The morning after the moon explodes, Marla wonders if she imagined the whole thing. She rushes down the stairs, two at a time, hoping the chaotic images flooding her brain are memories leftover from some surreal nightmare. But no, her mother is pacing in front of the television, cigarette dangling from her lips. Phone cradled between ear and shoulder, shouting at Auntie Tia. The man on the news summarizes the event in a monotone voice, while a shaky recording of the blast plays on repeat.
Marla slips past her mother into the yard. Grabs her bicycle and pedals fast. She wants to retrace her route, to recall every second leading up to that unbelievable moment, when the loudest bang she ever heard made her leap out of her skin. Her tires glide over the pavement, she jumps a curb. This is where she saw the first fires, three of them in a row. They’d looked like bonfires in a campground, but then she realized flames were blooming out of holes where the road should have been. Where chunks of the moon landed, combusting like fireworks.
She weaves through the charred street, where emergency responders loiter around taped off craters. Here, in front of the convenience store, is where she and Austin were standing when it happened. Each holding a paper cone filled with pale-colored candy floss. Austin leaning against the wall, Marla standing on one leg while he timed how long she could do it. Then, kablam, the sky erupted into a dazzling light show. They didn’t realize what happened at first; people were running from doorways, straining their necks and pointing. The thing they were pointing at, the thing that should have been floating above the town glowing bright, was obliterated. Bits of it rained down over them, whizzing like speeding rockets descending to the earth.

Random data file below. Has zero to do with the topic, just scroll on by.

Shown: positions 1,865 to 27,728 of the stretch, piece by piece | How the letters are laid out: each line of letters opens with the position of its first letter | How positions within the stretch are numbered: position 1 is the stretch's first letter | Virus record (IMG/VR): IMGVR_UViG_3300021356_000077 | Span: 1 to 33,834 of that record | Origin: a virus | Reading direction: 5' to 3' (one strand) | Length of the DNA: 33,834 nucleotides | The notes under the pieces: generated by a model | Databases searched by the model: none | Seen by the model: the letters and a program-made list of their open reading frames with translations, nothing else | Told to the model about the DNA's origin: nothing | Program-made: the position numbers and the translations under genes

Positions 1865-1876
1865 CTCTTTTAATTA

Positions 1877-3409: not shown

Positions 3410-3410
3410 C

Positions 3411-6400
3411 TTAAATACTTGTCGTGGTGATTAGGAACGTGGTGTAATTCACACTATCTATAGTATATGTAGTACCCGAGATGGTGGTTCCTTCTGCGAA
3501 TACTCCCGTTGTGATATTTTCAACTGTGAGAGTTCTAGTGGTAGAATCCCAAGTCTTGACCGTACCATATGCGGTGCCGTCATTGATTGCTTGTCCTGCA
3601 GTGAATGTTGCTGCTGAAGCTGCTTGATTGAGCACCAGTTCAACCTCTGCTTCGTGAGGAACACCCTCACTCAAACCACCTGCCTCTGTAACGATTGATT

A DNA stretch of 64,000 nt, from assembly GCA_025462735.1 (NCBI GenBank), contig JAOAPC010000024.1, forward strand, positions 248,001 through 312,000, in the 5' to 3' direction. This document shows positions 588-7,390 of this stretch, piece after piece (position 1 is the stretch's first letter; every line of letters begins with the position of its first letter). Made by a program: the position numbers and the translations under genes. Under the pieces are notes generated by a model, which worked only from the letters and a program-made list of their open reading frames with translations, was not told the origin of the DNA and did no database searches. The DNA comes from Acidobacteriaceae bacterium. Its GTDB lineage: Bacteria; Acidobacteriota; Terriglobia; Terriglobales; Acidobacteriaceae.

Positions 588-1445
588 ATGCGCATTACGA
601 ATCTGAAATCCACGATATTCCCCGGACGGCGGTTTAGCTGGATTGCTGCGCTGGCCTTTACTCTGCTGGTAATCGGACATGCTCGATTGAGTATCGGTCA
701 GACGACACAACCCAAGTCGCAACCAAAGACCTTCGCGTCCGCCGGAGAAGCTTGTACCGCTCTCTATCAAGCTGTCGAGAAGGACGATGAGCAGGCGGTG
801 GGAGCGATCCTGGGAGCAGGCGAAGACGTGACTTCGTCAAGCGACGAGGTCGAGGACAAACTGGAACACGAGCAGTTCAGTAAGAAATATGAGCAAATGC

Marla is convinced that if the moon hadn’t exploded, Austin would’ve kissed her. She’s not sure if she likes this idea or not. She’s only ever kissed one person: Jenny Fisher who she met up north at Auntie Tia’s cottage, but no one knows about that. Kids at school make fun of Austin’s accent, but Marla likes the slowness of his speech, the way his mouth takes time to form words. After they bit into their cotton candy, they stuck out their tongues, one dark red, the other an alien green. Marla thought about the time she caught her mom French-kissing a bald man on their sofa and wondered if she could bring herself to do that with Austin.
Groups of onlookers accumulate quickly as Marla rides up and down the street gathering information. Angry citizens proclaim that the government blew the moon up on purpose. Someone is explaining that scientists have a satellite replica they can launch up there to fix things. None of it makes sense to Marla, so she’s relieved when she hears skateboard wheels rolling up. Austin grinds the board to a halt and flips it with his foot, catching it under his arm with ease.
“Sorry I ran off last night,” she says.
“It’s understandable,” he answers, “under the circumstances.”
His parents, he says, are fighting. “You think they would take a breather and look out the goddamned window.” Marla nods. Her mother does nothing but smoke, talk on the phone, and make out with the occasional stranger. Usually after some guy spends the night, she tells Marla it won’t be long before they pack their things and move up north to live with Auntie Tia, because if Marla’s dad isn’t going to help out, then what the hell are they sticking around for? Adults, Marla and Austin agree, are exhausting.
When night falls, they roam under an eerie sky. They walk to the pier, sit on the edge of oblivion. Stars dot the blackness, but without the moon the constellations seem like a rabble of peasants with no Queen. They lick lollipops pilfered during the anarchy of the afternoon, and Marla tells him about her deadbeat dad, and moving up north. About how she worries nothing will ever be the same again. “Do you think people can survive without the moon?” she asks him. Austin crunches the last bite of his sucker and sighs. “I don't know,” he says, as he takes her hand in his own, and holds it softly under the aching absence of moonbeams.
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